ERIC Number: ED050552
Record Type: RIE
Publication Date: 1970-Nov-15
Reference Count: 0
A Study of the Cognitive and Affective Outcomes of a Collegiate Science Learning Game.
Harvey, William L.
A science education game, called "Challenge," was developed and tested. In a course designed to review the concepts that are useful in teaching elementary school science, one group of black graduate students used the game while a control group used the conventional lecture-discussion format. The game was designed to allow the player an opportunity to relate his knowledge of science to elementary classroom situations. A role-playing design was used to give the students practice in expressing scientific concepts using their own words. The results of analysis of variance comparisons indicated that the experimental gaming group had significantly superior posttest results in achievement in science, attitude toward science, confidence in science, and in the learning of the specific concepts that were taught in the game. It was found that individual personality and background characteristics could differentially predict the posttest measures and that low achievers in science benefited most from the gaming strategy. Their achievement posttest scores nearly matched those of the high achievement group. Thus, the learning game reduced differences in achievement that were detected on the pretest while raising the achievement mean for the entire group. (JY)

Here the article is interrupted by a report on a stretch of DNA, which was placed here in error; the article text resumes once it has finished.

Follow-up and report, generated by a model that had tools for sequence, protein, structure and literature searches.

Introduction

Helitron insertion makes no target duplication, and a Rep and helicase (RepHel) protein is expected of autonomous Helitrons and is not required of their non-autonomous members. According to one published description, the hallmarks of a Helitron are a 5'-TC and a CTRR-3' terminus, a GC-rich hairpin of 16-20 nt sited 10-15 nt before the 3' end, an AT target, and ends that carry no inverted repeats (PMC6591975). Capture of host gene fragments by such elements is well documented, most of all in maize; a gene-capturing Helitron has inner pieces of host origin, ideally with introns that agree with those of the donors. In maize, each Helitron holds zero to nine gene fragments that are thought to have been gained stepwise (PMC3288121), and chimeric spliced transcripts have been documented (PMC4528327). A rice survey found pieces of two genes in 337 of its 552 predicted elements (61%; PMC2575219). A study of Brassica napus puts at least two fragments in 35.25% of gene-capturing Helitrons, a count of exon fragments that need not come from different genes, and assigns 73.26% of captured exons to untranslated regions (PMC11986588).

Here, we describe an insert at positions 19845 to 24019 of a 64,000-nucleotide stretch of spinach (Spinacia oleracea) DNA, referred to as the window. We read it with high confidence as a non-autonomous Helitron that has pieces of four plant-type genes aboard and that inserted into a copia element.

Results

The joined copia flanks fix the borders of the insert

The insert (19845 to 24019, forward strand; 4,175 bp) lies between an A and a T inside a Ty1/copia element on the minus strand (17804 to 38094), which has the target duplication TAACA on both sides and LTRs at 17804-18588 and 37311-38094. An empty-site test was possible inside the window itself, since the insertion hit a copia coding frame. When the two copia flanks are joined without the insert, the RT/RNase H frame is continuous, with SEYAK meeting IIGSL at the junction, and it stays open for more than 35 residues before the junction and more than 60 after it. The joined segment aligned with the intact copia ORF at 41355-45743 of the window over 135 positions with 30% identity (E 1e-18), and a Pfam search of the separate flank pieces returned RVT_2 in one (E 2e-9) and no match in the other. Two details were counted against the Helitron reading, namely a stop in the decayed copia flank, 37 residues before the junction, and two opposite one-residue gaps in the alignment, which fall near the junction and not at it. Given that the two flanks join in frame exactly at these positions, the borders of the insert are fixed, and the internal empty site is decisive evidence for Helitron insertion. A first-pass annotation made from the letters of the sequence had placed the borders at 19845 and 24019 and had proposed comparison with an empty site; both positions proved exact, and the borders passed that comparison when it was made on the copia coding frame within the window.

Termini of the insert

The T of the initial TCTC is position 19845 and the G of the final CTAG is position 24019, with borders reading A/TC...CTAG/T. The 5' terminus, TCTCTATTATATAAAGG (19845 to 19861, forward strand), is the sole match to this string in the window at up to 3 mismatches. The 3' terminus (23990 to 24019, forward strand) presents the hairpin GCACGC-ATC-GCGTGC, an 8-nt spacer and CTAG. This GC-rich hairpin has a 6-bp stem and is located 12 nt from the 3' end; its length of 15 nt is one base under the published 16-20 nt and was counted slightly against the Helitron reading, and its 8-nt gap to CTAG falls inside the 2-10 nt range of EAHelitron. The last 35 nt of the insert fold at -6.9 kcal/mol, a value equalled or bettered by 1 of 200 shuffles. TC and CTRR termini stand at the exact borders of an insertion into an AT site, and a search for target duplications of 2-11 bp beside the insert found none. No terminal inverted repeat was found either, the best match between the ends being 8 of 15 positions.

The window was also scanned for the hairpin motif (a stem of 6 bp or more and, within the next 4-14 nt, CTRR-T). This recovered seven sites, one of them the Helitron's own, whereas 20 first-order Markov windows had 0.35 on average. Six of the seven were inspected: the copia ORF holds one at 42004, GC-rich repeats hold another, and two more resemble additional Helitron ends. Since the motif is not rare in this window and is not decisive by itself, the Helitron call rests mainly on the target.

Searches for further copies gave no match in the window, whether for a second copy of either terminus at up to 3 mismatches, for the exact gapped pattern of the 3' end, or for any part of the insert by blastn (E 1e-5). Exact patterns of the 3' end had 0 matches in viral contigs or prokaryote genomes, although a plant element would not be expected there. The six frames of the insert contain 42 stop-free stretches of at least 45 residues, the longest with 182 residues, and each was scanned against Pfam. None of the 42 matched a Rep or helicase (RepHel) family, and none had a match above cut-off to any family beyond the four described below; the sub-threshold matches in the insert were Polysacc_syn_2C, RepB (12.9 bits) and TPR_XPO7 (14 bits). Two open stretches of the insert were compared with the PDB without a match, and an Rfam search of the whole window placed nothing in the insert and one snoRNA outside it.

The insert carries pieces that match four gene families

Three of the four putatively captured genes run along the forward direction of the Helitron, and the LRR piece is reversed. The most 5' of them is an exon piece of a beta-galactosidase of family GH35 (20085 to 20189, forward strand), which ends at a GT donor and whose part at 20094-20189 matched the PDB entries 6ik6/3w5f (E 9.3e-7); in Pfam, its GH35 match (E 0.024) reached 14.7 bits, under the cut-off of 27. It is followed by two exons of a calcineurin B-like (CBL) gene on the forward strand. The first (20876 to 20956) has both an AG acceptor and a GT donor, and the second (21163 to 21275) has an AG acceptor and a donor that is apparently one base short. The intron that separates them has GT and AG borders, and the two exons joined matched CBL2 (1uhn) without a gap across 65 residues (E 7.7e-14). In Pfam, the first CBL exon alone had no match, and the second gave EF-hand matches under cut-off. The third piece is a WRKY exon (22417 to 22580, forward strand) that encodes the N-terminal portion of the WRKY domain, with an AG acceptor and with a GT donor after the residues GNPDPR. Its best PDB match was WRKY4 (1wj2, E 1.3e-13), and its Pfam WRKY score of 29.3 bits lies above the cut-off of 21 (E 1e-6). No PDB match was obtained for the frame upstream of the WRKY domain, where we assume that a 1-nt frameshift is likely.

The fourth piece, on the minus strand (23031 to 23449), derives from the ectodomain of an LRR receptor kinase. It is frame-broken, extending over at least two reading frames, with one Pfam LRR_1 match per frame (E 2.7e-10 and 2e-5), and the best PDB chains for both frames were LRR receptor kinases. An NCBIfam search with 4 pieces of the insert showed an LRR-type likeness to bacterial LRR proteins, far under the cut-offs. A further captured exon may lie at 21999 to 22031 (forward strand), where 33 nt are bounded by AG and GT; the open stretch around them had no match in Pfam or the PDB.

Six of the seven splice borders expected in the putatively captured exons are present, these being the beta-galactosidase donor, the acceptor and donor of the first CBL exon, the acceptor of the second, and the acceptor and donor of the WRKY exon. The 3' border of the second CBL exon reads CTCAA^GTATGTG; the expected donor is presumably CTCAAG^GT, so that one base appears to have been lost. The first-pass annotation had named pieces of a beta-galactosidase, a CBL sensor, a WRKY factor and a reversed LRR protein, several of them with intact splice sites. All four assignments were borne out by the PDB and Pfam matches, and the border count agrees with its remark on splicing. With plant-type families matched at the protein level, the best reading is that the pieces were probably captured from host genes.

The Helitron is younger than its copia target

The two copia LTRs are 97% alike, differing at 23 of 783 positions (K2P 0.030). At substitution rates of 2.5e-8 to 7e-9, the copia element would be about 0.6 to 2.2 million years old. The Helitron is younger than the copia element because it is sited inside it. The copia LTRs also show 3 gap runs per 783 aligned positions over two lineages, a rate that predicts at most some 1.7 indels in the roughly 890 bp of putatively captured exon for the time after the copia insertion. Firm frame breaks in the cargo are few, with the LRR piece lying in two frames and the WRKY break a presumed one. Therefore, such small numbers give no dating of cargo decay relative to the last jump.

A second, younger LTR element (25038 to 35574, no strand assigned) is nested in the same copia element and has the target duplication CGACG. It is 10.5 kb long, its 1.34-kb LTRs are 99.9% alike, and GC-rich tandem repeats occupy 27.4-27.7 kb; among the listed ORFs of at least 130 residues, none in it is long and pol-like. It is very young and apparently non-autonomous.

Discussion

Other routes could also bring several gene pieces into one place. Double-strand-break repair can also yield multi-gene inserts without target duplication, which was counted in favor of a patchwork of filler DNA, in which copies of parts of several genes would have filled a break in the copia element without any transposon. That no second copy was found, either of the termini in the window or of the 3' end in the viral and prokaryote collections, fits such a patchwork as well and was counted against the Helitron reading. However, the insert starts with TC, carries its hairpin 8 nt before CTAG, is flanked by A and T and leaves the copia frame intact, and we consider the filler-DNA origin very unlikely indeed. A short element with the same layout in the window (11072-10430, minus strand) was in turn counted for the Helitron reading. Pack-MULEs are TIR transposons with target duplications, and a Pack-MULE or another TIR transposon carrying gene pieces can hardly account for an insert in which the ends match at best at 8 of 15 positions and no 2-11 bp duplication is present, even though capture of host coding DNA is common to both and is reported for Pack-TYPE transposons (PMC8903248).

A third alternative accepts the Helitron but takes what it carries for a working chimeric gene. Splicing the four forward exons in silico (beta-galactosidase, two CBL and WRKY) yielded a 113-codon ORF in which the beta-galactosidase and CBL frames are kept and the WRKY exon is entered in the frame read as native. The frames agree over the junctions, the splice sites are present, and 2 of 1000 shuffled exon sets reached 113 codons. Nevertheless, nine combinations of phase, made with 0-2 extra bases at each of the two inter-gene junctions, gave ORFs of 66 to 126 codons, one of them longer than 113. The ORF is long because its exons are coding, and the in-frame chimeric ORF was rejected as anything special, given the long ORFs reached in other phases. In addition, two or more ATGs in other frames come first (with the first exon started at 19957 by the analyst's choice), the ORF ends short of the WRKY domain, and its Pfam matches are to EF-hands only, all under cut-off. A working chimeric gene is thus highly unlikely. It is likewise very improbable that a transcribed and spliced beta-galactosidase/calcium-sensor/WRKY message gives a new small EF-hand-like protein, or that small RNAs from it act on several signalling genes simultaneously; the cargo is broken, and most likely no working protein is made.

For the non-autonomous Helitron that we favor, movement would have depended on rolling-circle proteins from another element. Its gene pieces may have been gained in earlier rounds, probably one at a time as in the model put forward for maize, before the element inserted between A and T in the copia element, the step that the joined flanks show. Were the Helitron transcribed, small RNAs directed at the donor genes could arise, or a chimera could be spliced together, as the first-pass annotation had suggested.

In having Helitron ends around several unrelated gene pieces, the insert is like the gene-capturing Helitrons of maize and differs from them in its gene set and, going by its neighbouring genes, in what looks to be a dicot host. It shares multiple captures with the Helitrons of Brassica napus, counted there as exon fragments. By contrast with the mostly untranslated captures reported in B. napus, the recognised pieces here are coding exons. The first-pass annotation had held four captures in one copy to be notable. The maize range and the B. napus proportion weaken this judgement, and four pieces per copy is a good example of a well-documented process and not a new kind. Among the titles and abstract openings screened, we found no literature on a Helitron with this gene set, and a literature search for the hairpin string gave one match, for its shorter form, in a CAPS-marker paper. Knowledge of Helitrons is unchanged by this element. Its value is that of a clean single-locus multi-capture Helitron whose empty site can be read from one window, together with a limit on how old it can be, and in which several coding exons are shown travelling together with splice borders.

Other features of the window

Descriptors: Achievement, Background, Black Students, Comparative Analysis, Conventional Instruction, Educational Games, Elementary School Science, Games, High Achievement, Individual Characteristics, Low Achievement, Predictor Variables, Role Playing, Science Instruction, Science Teachers, Statistical Analysis, Student Attitudes, Teacher Education, Teaching Methods
Publication Type: N/A
Education Level: N/A
Sponsor: Office of Naval Research, Arlington, VA. Personnel and Training Research Programs Office.
Authoring Institution: Florida State Univ., Tallahassee. Computer-Assisted Instruction Center.
Note: CAI Center Tech Report Number 17